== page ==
“Elijah has definitely made significant contributions to research and outreach/diversity, and especially to the outreach and diversity efforts within the university,” Albert Shih, professor of mechanical engineering and biomedical engineering, associate director of the Medical Innovation Center and co-director of the SM Wu Manufacturing Research Center, wrote in his nomination letter. “He has had major impact on the exposure of area school children to engineering, and especially on the exposure and recruitment of under-represented students to engineering fields at the university.”

Guy Meadows


Meadows, professor of physical oceanography in the Department of Naval Architecture and Marine Engineering (NAME), and Department of Atmospheric, Oceanic and Space Sciences, and director of the Marine Hydrodynamics Laboratory, NAME has been a longtime advocate of advancing diversity within the College of Engineering. He champions learning environments that ensure all CoE students are prepared to lead in a global society, and provides personal coaching and mentoring.

Meadows served as the faculty director of the Michigan Science, Technology, Engineering and Mathematics (M-STEM) Academy, which identifies diverse incoming students who because of socio-economic issues, first-generation college student status, race or gender might face difficulties in pursuing an M-STEM degree. He also developed curricular initiatives to attract diverse groups into multi-disciplinary experiences, and wrote the curriculum for his popular class “Crossing the Boundary.” And as graduate program adviser for NAME he worked to increase the number of under-represented students in the department’s graduate program.

“Dr. Meadows … is absolutely committed to fostering the success of diverse students,” Robert Scott, director of Multicultural Academic Initiatives, CoE, wrote in his nomination letter. “He truly understands the importance of diversity to the future of science and engineering disciplines. And he always goes the extra mile to make certain that the students understand both the micro and the macro connections between mathematics, science and engineering.”

Robert Sellers


Sellers, professor of psychology and associate chair, Department of Psychology, began his outreach as a graduate student at U-M when, as president of the Black Psychology Student Association, he successfully made it his mission to increase the number of minority students in the department. He later founded the National Black Graduate Student Association, which brought together black faculty and top students from multiple universities.

Within the Department of Psychology, Sellers has created the Diversity Committee to help identify promising undergraduates who might attend U-M for graduate studies. He also works to recruit faculty who could bring greater diversity to the university. Sellers mentors both undergraduate and graduate students, and works with them to research the construct of African-American racial identity.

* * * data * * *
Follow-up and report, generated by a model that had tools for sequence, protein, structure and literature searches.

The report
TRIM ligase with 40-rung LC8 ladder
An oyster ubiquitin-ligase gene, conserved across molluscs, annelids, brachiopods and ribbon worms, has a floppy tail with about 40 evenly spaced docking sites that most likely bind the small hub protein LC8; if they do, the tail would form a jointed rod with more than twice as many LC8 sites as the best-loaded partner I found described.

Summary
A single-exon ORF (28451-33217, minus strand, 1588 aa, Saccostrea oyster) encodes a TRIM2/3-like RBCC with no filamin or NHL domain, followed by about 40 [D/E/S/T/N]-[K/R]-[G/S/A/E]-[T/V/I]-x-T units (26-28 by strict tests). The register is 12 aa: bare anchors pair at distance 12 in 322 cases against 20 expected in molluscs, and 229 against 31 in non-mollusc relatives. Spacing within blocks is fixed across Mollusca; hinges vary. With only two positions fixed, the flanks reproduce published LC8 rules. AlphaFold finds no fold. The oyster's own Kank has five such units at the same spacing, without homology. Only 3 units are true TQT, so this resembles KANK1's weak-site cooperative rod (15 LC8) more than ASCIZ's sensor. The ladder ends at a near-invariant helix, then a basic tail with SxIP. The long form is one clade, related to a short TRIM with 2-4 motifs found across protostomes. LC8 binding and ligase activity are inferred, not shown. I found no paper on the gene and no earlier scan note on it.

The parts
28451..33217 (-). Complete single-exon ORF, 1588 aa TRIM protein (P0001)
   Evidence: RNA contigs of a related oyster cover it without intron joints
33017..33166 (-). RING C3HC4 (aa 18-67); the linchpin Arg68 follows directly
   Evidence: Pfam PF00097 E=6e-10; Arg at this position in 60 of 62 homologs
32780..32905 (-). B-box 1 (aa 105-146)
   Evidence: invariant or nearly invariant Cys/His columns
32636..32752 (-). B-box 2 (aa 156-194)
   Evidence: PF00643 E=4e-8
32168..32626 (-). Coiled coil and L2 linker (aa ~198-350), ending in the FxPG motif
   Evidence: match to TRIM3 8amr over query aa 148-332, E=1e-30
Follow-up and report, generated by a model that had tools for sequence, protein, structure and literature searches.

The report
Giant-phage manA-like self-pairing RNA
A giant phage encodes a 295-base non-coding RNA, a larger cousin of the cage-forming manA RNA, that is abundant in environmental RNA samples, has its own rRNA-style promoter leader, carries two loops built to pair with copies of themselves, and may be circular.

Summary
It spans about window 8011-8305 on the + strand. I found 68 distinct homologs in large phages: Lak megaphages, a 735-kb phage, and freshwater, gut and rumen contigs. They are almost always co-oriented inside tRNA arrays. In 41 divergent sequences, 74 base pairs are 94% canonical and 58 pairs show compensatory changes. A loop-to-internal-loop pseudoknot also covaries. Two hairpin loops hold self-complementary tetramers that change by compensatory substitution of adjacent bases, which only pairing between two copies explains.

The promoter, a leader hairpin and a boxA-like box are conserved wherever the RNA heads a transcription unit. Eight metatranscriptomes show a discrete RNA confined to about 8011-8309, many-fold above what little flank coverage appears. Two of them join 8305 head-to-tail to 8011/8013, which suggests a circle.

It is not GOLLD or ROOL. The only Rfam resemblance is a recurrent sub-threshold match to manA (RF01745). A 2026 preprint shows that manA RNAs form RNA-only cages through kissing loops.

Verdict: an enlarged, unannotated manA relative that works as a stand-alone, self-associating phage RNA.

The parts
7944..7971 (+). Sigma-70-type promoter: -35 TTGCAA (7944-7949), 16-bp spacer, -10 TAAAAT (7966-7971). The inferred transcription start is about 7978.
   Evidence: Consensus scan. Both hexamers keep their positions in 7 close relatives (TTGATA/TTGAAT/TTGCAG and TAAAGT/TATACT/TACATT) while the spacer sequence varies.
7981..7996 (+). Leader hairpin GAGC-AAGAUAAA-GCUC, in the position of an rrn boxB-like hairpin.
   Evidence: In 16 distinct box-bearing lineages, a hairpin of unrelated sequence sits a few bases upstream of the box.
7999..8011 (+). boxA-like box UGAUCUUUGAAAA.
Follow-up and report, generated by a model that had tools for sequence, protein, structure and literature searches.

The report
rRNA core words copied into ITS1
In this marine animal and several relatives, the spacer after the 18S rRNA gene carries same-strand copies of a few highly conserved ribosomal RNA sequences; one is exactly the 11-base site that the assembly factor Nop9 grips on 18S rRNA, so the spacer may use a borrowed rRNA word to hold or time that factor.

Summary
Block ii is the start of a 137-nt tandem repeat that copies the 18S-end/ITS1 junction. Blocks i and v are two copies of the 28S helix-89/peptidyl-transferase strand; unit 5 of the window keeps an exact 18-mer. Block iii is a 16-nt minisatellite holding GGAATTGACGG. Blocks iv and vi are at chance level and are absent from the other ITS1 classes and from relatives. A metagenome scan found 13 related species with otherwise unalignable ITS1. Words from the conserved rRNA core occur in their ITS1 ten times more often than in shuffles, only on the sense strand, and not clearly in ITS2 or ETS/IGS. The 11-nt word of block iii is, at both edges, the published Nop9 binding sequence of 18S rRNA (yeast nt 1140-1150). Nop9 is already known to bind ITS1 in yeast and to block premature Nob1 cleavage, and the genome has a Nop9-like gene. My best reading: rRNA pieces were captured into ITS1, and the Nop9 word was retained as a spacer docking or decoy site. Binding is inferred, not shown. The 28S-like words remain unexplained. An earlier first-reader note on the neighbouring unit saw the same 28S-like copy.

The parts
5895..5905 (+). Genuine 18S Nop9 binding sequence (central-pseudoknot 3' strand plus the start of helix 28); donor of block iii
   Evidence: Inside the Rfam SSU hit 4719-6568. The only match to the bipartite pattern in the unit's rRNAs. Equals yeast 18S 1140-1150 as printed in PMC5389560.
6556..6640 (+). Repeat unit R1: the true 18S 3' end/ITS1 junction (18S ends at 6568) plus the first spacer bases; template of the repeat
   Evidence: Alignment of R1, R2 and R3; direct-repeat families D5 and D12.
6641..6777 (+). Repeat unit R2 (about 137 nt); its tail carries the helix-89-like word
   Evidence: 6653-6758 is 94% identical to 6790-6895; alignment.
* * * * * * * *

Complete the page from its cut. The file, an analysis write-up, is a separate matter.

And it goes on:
“(Sellers) never tires of trying to improve the programs that will attract diverse students, of talking to faculty who would increase our diversity, of explaining to others on campus why it is so very important that (the Department of Psychology) and U-M continue and improve the diversity of our students and faculty,” Theresa Lee, professor and chair in the Department of Psychology, wrote in her nomination letter. “He is enormously creative in developing programs that seem to work, and in creating an environment in psychology and beyond that supports the goal of diversity.”

Louis Yen


Yen, an associate research scientist at the Health Management Research Center, School of Kinesiology, significantly has facilitated building academic and cultural links between U-M and China, which has promoted diversity of campus.

Yen worked with the GEIU program to send kinesiology students to China, where they interacted with students at Beijing Sports University and Tianjin Medical University while learning about sports management and health management. He also is a key figure in exchange programs between U-M and Chinese universities. Yen also played a critical role in the launch of the Confucius Institute at U-M (CI-UM), which promotes Chinese arts and cultures.

“The CI-UM is the only unit … through which U-M faculty and staff can directly engage with Chinese aesthetics and practices of expressive humanity,” Joseph Lam, professor of music and director of CI-UM, writes in his nomination letter. “Dr. Yen … continues to bring intellectual and cultural diversity to the U-M community.”